As America's debate over toppling Saddam Hussein's regime intensifies, Russia is moving to center stage. This week Russia signed a $40 billion trade and economic cooperation treaty with Iraq while meeting Iranian leaders to discuss nuclear non-proliferation. Christopher Granville, a former British diplomat and now chief strategist for United Financial Group, a Russian investment bank, analyzes Russia's long-term interests and likely actions.
While no country seems able to trouble the Bush administration's military calculations concerning Iraq, Russia does combine serious interests in the region with marginally significant military capabilities. But Russia's real importance in any looming US-Iraq war lies not so much in its residual military power, as in the light its position sheds not only on the Iraqi problem but on that other member of the "axis of evil": Iran.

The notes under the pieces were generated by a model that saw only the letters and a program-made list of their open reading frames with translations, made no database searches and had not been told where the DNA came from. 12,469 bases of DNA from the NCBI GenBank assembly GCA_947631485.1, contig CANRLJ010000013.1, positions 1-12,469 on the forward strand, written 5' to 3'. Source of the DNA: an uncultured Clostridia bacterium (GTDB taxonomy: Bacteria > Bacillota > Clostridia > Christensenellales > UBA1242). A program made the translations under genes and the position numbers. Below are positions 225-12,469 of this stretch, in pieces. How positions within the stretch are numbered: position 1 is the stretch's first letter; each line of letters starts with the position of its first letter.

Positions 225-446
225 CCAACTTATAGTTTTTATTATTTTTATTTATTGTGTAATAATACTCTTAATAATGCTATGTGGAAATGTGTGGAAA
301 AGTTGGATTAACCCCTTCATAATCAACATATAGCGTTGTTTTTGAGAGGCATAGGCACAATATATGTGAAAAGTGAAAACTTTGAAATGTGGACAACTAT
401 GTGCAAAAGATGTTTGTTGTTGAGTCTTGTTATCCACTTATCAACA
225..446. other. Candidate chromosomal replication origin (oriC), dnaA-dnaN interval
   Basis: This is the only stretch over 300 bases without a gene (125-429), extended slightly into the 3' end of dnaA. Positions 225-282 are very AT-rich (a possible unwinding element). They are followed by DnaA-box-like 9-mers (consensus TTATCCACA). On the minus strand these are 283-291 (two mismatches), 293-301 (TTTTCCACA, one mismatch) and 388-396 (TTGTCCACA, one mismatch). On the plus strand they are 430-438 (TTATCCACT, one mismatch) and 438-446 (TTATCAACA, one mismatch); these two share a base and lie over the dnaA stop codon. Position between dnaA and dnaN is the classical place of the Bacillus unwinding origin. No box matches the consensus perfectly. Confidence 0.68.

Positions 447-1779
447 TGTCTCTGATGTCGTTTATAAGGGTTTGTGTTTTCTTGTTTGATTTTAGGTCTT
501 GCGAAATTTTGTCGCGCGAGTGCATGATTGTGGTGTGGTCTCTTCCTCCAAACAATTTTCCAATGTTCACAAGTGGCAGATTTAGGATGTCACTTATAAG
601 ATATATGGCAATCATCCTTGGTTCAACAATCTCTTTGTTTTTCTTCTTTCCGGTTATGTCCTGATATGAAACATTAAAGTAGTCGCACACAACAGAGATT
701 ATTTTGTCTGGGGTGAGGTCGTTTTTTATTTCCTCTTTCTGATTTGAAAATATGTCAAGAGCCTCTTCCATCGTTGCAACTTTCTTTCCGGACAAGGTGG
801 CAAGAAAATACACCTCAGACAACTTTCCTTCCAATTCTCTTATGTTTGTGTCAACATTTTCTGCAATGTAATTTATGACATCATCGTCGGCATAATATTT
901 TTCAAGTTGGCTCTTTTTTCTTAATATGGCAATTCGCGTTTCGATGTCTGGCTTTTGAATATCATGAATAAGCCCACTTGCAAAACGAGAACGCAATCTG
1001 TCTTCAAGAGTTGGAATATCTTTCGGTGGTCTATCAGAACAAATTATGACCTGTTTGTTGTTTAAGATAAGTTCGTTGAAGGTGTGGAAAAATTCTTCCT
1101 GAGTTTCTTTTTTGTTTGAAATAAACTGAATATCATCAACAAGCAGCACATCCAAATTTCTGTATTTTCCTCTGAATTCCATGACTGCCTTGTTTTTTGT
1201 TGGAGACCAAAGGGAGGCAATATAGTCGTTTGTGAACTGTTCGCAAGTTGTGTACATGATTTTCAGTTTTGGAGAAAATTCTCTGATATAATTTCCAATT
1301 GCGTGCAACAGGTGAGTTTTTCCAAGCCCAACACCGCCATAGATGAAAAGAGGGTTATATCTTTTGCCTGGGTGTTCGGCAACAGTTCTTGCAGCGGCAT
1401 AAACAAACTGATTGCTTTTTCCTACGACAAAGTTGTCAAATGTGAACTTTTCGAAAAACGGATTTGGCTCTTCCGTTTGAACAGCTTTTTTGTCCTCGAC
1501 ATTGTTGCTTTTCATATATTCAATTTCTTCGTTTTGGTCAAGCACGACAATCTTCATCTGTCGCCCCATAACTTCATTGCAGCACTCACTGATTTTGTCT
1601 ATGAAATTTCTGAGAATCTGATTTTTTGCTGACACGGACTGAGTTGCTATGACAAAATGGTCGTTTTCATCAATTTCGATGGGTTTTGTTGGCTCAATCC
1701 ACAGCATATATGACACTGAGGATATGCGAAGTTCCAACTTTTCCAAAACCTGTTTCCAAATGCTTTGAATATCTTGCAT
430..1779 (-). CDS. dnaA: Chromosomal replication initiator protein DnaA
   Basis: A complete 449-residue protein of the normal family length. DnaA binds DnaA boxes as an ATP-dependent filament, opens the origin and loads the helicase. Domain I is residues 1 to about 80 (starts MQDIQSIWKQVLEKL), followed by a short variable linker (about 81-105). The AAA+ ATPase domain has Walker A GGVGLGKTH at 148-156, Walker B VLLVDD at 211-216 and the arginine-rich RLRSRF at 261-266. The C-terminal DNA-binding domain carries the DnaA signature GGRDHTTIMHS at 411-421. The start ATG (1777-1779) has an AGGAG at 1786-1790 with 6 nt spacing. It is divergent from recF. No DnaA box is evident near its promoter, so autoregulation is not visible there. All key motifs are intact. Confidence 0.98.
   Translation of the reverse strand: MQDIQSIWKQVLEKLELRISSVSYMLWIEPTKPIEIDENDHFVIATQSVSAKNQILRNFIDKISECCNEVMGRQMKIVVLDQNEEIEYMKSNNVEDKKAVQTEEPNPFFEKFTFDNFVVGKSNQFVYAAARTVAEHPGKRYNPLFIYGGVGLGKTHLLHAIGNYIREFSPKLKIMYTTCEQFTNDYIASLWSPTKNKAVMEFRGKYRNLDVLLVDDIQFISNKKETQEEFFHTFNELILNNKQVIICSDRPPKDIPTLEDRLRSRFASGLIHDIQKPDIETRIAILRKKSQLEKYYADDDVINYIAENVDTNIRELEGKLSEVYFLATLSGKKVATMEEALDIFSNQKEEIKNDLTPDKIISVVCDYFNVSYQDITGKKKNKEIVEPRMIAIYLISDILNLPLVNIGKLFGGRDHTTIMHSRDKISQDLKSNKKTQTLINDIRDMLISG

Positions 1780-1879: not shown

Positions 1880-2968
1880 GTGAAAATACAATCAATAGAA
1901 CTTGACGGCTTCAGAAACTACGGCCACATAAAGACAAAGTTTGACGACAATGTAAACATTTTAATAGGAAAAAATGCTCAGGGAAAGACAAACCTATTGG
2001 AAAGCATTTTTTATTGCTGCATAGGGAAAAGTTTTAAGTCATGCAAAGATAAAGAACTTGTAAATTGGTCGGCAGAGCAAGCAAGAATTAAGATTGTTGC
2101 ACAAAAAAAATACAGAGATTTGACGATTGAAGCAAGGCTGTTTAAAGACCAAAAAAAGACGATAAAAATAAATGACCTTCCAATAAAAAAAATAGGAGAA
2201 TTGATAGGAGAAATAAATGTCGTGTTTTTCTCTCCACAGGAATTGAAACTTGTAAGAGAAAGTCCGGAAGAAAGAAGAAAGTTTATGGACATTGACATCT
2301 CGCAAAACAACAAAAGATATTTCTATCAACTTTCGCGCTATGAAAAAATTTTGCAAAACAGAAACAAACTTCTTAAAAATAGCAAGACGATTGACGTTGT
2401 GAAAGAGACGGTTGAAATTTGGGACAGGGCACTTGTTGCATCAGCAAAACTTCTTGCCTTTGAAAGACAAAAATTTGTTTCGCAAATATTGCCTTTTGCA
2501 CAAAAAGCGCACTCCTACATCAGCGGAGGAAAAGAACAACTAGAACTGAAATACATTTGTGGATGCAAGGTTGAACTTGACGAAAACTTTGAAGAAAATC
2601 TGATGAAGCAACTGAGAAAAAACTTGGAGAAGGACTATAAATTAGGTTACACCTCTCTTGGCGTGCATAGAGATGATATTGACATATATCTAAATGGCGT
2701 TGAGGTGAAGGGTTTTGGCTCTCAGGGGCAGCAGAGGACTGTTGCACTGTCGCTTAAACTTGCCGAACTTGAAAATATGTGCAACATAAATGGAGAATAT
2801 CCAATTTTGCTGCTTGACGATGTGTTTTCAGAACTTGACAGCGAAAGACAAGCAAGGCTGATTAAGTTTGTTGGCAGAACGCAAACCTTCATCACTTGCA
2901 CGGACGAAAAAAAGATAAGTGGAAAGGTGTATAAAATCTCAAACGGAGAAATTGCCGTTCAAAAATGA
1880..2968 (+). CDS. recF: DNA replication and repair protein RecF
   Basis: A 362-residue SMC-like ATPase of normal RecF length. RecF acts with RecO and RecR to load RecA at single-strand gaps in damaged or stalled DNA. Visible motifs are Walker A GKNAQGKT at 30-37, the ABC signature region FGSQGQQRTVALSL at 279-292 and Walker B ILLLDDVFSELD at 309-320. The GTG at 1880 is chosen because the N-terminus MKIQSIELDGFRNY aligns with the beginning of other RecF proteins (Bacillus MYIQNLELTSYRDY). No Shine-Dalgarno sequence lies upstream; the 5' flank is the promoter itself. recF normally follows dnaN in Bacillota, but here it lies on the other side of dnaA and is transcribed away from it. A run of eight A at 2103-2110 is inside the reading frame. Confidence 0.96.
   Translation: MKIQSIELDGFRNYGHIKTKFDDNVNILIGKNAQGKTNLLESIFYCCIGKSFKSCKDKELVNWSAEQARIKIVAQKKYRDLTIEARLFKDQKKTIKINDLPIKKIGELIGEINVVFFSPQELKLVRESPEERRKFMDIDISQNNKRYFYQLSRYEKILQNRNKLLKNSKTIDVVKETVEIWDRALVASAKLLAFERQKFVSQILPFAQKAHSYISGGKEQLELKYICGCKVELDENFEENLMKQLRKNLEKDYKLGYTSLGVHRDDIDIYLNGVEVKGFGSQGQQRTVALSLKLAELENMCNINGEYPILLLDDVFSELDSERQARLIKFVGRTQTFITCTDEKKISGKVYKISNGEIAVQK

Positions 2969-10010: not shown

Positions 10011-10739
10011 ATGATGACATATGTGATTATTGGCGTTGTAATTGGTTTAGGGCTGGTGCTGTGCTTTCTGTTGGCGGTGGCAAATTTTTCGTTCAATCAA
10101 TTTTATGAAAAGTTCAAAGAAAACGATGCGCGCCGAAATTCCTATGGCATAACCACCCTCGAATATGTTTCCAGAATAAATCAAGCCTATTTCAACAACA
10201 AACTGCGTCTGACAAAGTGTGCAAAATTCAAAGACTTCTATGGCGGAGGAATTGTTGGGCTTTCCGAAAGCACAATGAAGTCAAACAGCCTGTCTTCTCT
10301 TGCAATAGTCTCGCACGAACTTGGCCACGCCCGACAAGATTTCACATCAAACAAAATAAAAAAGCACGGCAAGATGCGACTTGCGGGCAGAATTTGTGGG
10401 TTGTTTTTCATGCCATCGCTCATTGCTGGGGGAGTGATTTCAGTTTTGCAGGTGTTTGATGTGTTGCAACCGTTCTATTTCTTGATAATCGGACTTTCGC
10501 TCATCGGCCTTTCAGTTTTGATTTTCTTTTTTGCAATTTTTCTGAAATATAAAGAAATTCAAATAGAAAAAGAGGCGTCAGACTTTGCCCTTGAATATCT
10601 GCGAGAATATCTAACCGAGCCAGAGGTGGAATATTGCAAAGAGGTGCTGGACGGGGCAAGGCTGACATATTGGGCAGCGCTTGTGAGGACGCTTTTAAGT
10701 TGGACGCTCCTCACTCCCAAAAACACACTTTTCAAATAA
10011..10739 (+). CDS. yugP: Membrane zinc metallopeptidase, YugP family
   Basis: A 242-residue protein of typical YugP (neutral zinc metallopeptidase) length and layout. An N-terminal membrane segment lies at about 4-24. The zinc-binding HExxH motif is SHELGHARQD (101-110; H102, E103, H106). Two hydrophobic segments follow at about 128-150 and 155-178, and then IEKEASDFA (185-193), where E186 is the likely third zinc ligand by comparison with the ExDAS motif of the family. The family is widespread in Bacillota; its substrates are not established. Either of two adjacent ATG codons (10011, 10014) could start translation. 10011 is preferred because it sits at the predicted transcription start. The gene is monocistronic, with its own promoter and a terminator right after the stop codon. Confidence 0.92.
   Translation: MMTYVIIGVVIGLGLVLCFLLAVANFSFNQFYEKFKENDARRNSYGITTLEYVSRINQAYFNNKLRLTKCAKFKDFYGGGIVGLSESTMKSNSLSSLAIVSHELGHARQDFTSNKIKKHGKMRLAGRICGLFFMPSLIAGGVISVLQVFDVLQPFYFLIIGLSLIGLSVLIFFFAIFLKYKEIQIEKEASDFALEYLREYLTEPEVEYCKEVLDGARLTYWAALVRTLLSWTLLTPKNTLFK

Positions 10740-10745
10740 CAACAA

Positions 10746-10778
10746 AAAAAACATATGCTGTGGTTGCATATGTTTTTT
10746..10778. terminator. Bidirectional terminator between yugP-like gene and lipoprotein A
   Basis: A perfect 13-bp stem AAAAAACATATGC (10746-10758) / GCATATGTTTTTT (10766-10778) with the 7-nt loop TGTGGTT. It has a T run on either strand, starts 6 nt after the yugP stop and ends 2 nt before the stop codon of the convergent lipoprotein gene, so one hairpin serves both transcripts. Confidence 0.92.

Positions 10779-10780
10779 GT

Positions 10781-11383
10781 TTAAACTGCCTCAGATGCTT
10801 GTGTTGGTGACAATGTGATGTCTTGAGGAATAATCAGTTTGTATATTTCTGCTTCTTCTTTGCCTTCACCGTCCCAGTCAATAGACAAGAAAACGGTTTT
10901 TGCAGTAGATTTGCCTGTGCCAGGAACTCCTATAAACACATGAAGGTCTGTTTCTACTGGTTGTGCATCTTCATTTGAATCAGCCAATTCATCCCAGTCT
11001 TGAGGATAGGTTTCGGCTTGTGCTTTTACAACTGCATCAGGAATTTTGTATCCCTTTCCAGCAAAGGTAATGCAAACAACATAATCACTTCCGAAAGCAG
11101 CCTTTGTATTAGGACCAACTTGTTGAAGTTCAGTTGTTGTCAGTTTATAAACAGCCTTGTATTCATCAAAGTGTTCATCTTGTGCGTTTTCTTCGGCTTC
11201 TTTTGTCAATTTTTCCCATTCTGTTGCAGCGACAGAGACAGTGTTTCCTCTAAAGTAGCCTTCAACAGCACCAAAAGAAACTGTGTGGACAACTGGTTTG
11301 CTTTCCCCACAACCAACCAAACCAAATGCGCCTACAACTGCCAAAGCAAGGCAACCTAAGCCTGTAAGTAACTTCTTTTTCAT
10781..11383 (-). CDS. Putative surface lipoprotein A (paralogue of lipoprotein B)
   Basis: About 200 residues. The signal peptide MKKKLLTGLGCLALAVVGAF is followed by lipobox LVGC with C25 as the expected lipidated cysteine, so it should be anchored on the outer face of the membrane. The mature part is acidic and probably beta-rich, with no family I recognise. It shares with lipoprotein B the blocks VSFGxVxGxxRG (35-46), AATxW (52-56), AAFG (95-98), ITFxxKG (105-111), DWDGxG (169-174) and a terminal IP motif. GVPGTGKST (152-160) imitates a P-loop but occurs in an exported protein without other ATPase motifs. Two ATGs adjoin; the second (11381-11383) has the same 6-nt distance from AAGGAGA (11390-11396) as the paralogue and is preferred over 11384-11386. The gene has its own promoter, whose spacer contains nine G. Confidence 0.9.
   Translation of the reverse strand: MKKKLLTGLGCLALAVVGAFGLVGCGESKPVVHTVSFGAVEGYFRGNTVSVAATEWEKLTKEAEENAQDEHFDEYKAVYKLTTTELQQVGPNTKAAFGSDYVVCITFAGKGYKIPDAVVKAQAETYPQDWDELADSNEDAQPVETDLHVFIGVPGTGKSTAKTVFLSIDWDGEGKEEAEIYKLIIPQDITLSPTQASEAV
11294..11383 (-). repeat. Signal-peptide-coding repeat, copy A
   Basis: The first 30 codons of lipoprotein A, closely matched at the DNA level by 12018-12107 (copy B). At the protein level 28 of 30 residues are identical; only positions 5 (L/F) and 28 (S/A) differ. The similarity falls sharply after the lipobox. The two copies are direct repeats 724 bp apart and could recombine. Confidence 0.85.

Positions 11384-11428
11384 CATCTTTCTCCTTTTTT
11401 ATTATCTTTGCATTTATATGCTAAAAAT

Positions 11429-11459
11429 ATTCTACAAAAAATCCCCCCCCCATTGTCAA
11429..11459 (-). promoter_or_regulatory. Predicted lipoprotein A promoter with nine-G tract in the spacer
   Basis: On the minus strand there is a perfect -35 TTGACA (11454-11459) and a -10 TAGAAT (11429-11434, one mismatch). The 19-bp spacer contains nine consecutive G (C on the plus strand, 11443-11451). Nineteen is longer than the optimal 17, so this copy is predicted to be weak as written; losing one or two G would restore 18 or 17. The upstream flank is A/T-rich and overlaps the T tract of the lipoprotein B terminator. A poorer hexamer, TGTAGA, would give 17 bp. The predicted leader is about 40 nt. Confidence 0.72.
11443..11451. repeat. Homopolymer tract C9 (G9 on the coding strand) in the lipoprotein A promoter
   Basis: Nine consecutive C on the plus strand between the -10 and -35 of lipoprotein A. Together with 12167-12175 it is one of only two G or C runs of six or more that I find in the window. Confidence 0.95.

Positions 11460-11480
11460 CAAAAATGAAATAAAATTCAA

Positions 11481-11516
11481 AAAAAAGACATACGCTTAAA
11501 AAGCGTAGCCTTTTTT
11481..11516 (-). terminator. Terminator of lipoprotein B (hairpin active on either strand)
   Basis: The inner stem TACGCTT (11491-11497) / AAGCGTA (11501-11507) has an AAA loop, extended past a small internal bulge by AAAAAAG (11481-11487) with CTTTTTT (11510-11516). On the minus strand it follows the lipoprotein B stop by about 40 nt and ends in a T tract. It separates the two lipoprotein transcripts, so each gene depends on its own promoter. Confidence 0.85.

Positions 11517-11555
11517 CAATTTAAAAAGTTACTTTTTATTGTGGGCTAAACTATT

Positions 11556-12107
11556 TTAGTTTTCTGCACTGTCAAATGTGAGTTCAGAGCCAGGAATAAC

So far, the most striking feature of the Putin administration's handling of the US-Iraq situation has been its silence. If forced to state a view, Russian diplomats stick to a standard line about implementing UN Security Council resolutions and the need for Security Council endorsement of any new actions against Iraq. Unlike other leading West European countries, President Putin and his government prefer to keep their heads down, reflecting their wish to nurture Russia's new and still-fragile rapprochement with the US.
But this explanation does not fit Russian policy on Iran, where, despite US pressure, the Putin government is quite literally sticking to its guns by selling weapons and civil nuclear technology to Teheran. The nuclear issue came to the fore during the recent visit to Moscow by US Energy Secretary Spencer Abraham.